After the Internet lit up with stories talking about how the Department of Justice has again trained its antitrust guns on Google, this time over its Books Search settlement with authors and publishers, the search giant is trying to convince the world that the deal is ardently pro-consumer.
In October, Google reached a $125 million settlement with the Authors Guild and Association of American Publishers to end a copyright infringement lawsuit dating to 2005. The groups were claiming that Google’s wholesale scanning operations of the collections of five major research libraries failed to compensate authors and publishers for their work.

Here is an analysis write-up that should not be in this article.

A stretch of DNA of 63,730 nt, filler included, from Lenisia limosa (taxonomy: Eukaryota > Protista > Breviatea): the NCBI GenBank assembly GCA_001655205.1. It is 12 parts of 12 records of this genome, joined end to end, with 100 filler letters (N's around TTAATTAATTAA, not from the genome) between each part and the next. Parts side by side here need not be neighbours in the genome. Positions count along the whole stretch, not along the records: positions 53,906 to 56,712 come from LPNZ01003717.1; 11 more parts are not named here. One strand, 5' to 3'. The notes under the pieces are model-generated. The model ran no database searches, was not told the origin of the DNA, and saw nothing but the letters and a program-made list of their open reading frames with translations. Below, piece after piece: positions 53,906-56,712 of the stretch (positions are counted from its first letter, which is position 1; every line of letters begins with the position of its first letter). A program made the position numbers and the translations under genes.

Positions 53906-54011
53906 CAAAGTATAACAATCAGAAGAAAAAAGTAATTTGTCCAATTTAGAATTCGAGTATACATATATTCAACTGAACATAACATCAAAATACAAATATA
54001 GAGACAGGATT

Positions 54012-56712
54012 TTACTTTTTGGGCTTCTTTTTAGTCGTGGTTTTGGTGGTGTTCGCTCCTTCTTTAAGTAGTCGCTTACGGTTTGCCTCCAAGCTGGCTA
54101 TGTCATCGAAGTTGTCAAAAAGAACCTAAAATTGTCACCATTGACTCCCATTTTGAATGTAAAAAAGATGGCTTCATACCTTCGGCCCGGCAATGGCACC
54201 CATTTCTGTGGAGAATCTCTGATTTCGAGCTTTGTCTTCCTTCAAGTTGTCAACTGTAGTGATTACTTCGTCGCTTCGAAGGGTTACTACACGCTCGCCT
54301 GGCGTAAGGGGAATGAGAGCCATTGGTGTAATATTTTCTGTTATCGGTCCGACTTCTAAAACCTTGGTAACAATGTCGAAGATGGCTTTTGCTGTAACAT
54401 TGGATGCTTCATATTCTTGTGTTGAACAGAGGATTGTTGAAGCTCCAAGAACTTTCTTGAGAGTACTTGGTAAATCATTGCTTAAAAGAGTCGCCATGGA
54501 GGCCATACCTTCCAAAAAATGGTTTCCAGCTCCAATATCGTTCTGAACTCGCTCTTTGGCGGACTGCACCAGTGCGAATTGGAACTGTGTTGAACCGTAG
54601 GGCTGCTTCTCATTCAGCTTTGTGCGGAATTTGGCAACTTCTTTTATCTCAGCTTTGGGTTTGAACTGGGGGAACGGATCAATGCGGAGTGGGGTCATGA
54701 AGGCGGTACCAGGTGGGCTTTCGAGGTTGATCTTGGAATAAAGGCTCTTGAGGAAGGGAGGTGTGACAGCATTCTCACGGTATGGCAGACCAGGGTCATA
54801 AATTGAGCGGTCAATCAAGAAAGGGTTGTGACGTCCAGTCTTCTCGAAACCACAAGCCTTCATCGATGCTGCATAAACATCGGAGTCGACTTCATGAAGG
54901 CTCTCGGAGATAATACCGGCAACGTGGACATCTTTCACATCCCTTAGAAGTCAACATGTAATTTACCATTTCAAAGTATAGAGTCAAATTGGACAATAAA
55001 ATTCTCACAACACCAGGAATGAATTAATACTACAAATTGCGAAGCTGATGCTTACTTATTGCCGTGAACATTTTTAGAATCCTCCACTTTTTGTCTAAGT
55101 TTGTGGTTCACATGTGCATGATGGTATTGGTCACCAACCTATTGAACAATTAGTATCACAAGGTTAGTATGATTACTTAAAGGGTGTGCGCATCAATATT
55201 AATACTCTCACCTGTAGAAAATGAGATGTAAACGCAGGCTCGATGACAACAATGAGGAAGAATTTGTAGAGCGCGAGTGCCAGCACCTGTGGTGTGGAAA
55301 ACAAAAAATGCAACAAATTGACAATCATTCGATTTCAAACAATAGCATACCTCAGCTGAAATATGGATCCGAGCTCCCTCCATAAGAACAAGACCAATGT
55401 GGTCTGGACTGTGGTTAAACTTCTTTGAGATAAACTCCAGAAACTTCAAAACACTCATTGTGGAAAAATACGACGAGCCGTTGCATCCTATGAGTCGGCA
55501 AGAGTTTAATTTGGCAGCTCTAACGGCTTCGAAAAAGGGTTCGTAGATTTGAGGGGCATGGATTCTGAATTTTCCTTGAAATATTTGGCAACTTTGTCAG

Under the settlement, Google agreed to created a Book Rights Registry for authors and publishers to register and receive a share of the revenue Google will collect for subscriptions and sales.
But some groups have cried foul. They claim that the treatment of orphan works — copyrighted books whose authors cannot be found — is anticompetitive because it applies only to Google, meaning that if another firm wanted to create its own digital library it would be at a competitive disadvantage…